No longer obligated to fight for the south we set out the next day by shank's mare for the old homestead a few miles north of Austin. Our spirits livened up seeing familiar objects like the old waterhole, the old oak tree, and other landmarks as we came nearer home.
"I'm goin' to drink a whole gallon of milk and eat a loaf of Ma's fresh-baked bread with honey and butter," I said, rubbing my left hand across my flat and empty abdomen, thinking I would soon be filling it up.
"I'm goin' to sleep for a week in my old bed before I start herdin' steers again," said Pete, taking off his new cowboy hat he purchased in Austin. "By the way, where are the cattle? I don't see any around. They always used to be some drinkin' at the waterhole."
He looked inside the new hat and rubbed his fingers around the sweatband before he put it back on his head.
"Pa's probably got them rounded up to take to market," I said, watching my brother. "You need to get yourself a haircut, if that hat's too tight on your big head."
"Yer pretty shaggy yerself, you little cricket," said Pete, who was bigger and heavier than me, but we both had brown hair and greenish-blue eyes.
Our old house was empty when we reached it, dark and abandoned. We searched all through it, but couldn't find a sign of anybody living here for some time.
"What do you think happened? There ain't nothin' left belonging to the family," I said, looking at my brother, dejected.
"Mister Blain will know. Let's go over there in the morning," said Pete, dropping his poke to the floor. "We'll make ourselves to home here tonight. At least we got shelter if it starts raining."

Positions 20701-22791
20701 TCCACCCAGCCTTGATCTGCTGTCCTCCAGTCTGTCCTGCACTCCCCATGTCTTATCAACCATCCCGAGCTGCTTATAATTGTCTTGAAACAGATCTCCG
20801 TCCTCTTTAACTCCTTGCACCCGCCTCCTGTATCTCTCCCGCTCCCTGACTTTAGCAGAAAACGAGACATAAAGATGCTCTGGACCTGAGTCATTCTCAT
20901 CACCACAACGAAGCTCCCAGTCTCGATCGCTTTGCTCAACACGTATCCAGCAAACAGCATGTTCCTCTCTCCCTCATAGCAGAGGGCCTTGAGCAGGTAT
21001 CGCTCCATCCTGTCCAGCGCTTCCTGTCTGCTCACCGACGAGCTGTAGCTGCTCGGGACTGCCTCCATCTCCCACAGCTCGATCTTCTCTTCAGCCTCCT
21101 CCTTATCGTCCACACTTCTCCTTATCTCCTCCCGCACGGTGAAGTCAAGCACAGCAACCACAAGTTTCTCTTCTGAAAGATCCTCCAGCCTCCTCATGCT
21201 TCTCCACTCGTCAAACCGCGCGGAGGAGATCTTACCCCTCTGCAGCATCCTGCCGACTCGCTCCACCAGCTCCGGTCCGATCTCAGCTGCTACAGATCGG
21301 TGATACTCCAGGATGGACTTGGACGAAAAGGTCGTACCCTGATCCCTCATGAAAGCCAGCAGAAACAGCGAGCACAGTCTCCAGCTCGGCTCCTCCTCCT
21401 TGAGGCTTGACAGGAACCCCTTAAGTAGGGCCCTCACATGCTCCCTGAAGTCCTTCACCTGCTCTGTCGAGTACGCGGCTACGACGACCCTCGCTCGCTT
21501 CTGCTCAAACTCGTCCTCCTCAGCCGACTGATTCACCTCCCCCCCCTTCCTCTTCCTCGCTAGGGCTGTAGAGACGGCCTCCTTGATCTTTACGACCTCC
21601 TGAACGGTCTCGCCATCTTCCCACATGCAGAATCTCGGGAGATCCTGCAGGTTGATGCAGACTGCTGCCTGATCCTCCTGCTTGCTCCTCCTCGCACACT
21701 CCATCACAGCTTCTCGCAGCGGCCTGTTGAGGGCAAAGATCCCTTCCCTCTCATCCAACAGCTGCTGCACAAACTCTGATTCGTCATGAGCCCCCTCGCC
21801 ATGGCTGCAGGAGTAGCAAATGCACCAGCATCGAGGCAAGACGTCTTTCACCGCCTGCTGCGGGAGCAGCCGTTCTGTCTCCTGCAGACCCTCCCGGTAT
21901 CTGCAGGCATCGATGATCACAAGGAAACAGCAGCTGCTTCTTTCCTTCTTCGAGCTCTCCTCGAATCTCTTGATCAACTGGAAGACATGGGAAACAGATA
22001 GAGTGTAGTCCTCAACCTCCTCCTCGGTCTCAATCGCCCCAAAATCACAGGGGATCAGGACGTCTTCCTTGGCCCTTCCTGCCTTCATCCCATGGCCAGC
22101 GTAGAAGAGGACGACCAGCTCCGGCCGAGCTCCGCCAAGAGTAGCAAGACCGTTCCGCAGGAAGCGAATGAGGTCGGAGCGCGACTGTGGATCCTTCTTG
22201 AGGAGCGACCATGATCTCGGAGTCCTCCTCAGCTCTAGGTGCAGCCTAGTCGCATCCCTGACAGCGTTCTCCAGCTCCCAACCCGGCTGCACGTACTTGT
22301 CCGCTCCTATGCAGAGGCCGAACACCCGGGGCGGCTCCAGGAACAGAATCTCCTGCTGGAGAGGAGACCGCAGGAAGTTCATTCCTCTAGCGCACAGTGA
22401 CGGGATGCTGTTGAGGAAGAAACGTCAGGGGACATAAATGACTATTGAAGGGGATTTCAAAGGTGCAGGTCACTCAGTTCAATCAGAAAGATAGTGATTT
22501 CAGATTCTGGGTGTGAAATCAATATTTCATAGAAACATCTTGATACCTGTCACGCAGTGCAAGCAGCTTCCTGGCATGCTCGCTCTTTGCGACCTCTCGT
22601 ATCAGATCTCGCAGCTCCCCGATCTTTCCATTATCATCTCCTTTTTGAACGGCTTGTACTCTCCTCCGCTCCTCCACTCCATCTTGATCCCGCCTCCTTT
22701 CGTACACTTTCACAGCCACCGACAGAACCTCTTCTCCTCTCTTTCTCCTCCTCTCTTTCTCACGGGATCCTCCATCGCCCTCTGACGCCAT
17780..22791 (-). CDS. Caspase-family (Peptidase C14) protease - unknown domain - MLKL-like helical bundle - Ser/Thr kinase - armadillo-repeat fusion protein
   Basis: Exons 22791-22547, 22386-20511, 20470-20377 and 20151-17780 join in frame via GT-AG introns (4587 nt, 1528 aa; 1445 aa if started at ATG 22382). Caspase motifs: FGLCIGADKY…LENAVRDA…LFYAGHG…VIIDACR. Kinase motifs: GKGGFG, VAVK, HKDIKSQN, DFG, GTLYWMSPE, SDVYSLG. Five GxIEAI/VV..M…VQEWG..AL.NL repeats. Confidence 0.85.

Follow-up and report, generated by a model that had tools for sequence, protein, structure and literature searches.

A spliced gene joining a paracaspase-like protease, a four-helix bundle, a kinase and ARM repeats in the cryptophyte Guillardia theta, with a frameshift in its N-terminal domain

We found the Blain house after a six-mile trek over the rolling hills, arriving just before noon. Missus Blain and a girl that looked like our younger sister Lila, were on the front porch peeling potatoes.
Lila, now fourteen, slim, with light brown hair, saw us first and watched us as we made our way down the nearest hill, jumping a small stream and walking toward the house. She studied our faces, dark from the sun, and said, "I think that's Pete and Thaddeus back from the war," her voice carrying through the air to our ears.
She jumped up and ran to meet us. Missus Blain stood up and watched as the young girl let out a yell and greeted each of us with a big, strong hug. We walked to the porch with Lila between us, talking a mile a minute. We greeted Missus Blain and sat down on the steps.
"You fellers are a sight for sore eyes," said Lila, smiling with a tear in her eye. "My gosh, it's been two years at least. I'm glad to see y'all made it home from the war safe and sound. Ma and Pa gave me a letter for you when they left for New Mexico Territory, but I told them I was goin' to stay in Texas. I wasn't goin' to no godforsaken place in the middle of nowhere where there ain't no schools or nothin' for a young girl. I'm goin' to stay here and go to school in Austin and become a school teacher. And Mister and Missus Blain said they would take care of me and they been awful good to me. Did y'all ever get that letter that Pa wrote about Pappy dying?"